Managers and players alike normally insist they want to play another match as soon as possible after a heavy defeat, but in this case Gary Locke and his squad could do with the time to clear their heads before battle is resumed on Saturday week.
Hearts are showing no sign of physical tiredness, and, whatever their other limitations, they continue to put in every available ounce of effort. But they do look mentally tired after a sequence of high-pressure games, and some of the least experienced players are now at the point where, in normal circumstances, the manager would think of giving them a rest from the rigours of first-team football.
No such option is available to Locke, of course. So the manager will have to hope, to reverse the proverb, that a rest is as good as a change.
If the greatest brains in world football gathered at Tynecastle and watched the tapes of a few of Hearts’ recent games, they would not have a great deal of relevant advice for Locke. The odd minor piece of tactical planning might not have gone to plan; ditto the occasional selection; but realistically there is little more he could have done with the resources at his disposal.
That was the case before Saturday’s defeat and it remains the case this morning. The fact that before the match St Mirren had been seen as the weakest team in the league made the loss harder to take, but given Kilmarnock lost as well, the upshot of the afternoon was that the Edinburgh side are now just a point worse off than they were when it started: ten points, rather than nine, adrift of the club in 11th.
What is more, they have still to suffer a really heavy loss. Such a result was widely predicted after their opening-day defeat at St Johnstone, a 1-0 reverse that should have been 3-0 or 4-0, according to some who saw it. Granted, losing a string of games by one or two goals is not in itself any cause for celebration, but it does show that, for all their inexperience, Hearts have not been outclassed.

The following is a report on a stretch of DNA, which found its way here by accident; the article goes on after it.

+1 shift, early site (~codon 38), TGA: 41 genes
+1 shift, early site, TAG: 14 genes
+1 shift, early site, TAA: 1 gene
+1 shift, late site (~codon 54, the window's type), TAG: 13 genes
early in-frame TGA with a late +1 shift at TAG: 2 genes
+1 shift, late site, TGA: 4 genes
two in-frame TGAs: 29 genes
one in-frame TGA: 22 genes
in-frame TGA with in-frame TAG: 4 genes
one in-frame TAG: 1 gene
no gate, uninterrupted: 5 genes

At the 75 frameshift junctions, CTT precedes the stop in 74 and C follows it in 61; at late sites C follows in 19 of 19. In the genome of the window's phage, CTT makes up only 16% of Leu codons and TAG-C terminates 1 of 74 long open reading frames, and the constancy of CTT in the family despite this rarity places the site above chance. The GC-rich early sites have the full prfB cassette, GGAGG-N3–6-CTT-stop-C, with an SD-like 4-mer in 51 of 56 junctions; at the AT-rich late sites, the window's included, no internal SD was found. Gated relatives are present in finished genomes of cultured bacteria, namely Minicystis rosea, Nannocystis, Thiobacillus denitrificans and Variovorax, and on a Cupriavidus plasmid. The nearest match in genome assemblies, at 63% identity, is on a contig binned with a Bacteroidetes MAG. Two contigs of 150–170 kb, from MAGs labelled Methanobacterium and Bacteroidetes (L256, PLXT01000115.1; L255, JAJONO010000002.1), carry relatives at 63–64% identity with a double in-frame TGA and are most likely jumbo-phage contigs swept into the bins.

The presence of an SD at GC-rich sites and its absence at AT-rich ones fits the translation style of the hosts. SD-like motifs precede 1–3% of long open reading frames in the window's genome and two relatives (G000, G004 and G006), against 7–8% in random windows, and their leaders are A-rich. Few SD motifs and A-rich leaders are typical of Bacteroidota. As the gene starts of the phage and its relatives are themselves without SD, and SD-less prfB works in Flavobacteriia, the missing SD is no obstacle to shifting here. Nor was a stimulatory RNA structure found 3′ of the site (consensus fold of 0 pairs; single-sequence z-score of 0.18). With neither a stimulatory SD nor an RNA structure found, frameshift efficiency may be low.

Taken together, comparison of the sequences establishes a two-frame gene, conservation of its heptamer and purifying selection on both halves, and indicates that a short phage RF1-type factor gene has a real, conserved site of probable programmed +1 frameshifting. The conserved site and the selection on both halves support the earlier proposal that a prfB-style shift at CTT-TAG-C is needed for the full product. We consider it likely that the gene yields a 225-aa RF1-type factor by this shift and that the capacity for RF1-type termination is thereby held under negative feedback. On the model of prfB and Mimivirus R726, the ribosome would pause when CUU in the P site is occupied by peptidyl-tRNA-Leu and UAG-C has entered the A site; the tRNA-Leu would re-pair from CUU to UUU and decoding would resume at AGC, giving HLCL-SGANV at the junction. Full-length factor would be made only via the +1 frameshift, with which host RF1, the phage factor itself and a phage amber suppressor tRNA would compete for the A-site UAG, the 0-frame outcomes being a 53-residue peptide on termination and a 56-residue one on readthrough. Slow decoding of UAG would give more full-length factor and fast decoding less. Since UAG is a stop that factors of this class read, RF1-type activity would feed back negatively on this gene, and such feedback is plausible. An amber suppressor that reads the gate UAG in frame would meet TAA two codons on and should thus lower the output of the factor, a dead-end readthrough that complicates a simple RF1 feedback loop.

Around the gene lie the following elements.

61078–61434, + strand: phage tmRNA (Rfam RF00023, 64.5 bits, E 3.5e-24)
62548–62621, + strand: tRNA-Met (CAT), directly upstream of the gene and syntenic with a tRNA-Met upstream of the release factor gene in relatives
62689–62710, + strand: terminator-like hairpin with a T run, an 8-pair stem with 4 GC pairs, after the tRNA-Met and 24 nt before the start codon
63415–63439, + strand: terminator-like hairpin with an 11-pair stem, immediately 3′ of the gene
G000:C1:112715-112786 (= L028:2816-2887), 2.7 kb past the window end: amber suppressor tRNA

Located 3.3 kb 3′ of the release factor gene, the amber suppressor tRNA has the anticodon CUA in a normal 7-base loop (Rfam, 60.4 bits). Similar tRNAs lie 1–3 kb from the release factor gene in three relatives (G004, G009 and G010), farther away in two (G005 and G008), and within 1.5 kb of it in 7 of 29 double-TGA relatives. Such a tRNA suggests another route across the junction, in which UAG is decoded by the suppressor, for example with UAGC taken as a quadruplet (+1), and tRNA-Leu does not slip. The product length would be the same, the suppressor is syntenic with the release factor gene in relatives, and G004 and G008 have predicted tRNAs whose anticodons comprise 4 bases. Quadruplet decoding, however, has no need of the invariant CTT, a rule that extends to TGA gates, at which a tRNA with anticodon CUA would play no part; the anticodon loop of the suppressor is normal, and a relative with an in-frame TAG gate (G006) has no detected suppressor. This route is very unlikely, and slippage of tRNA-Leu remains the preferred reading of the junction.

The tempo at which they play is at times determined by emotion rather than by rational understanding, but that is perhaps the only aspect of the game where their collective naivety is shown up. Certainly, in terms of organisation and understanding they are the equals of the majority of their opponents, and players such as captain Danny Wilson have a maturity beyond their years.
So why did St Mirren win? Because their defence was stronger, particularly in the air, and because they were better at taking their chances.
Two incidents, barely a minute apart, summed up the difference in finishing between the sides. First, after an exchange of passes down the right between Billy King and Ryan Stevenson, Callum Paterson sent a first-time shot over the bar from little more than ten yards out. Then, at the other end of the park, Jamie MacDonald spilled a cross, allowing Paul McGowan to tap it home for St Mirren’s second.
That was with more than half an hour to play, but that was the end of the contest. As it was, even if Paterson had scored, there was nothing up to that point to suggest that St Mirren would have folded.
Danny Lennon claimed afterwards that everyone had expected his side to crumble, but that was not the case. Anyone who had seen them draw with Aberdeen on Monday night would have realised they had significantly improved from their previous performances, and that a first win of the season would not be too far away.
They looked a proper team again, their morale was good, and they were clearly bitterly disappointed that a late goal by Niall McGinn denied them all three points. Any notion that they had given up playing for their manager was dispelled that night, and the way in which they played on Saturday built on the firm foundations laid then.
The first half was relatively even, the significant difference being that St Mirren’s crosses into the box were far more threatening than Hearts’. Several chances had already gone abegging when, four minutes before half-time, the breakthrough came. A Conor Newton cross from the right was missed by several players as it swung towards the back post, but John McGinn timed his run well to nod it in.
Hearts brought King on for the second half in place of Scott Robinson, and moved Stevenson up from midfield to partner Paterson. The intention was positive, but the main effect was to allow St Mirren’s central midfield more space in which to dictate the play.
Once the second goal had gone in, Jamie Walker, in particular, threw everything he had into the effort to get at least one back, But by the closing stages St Mirren looked more likely to extend their lead than Hearts did to narrow it.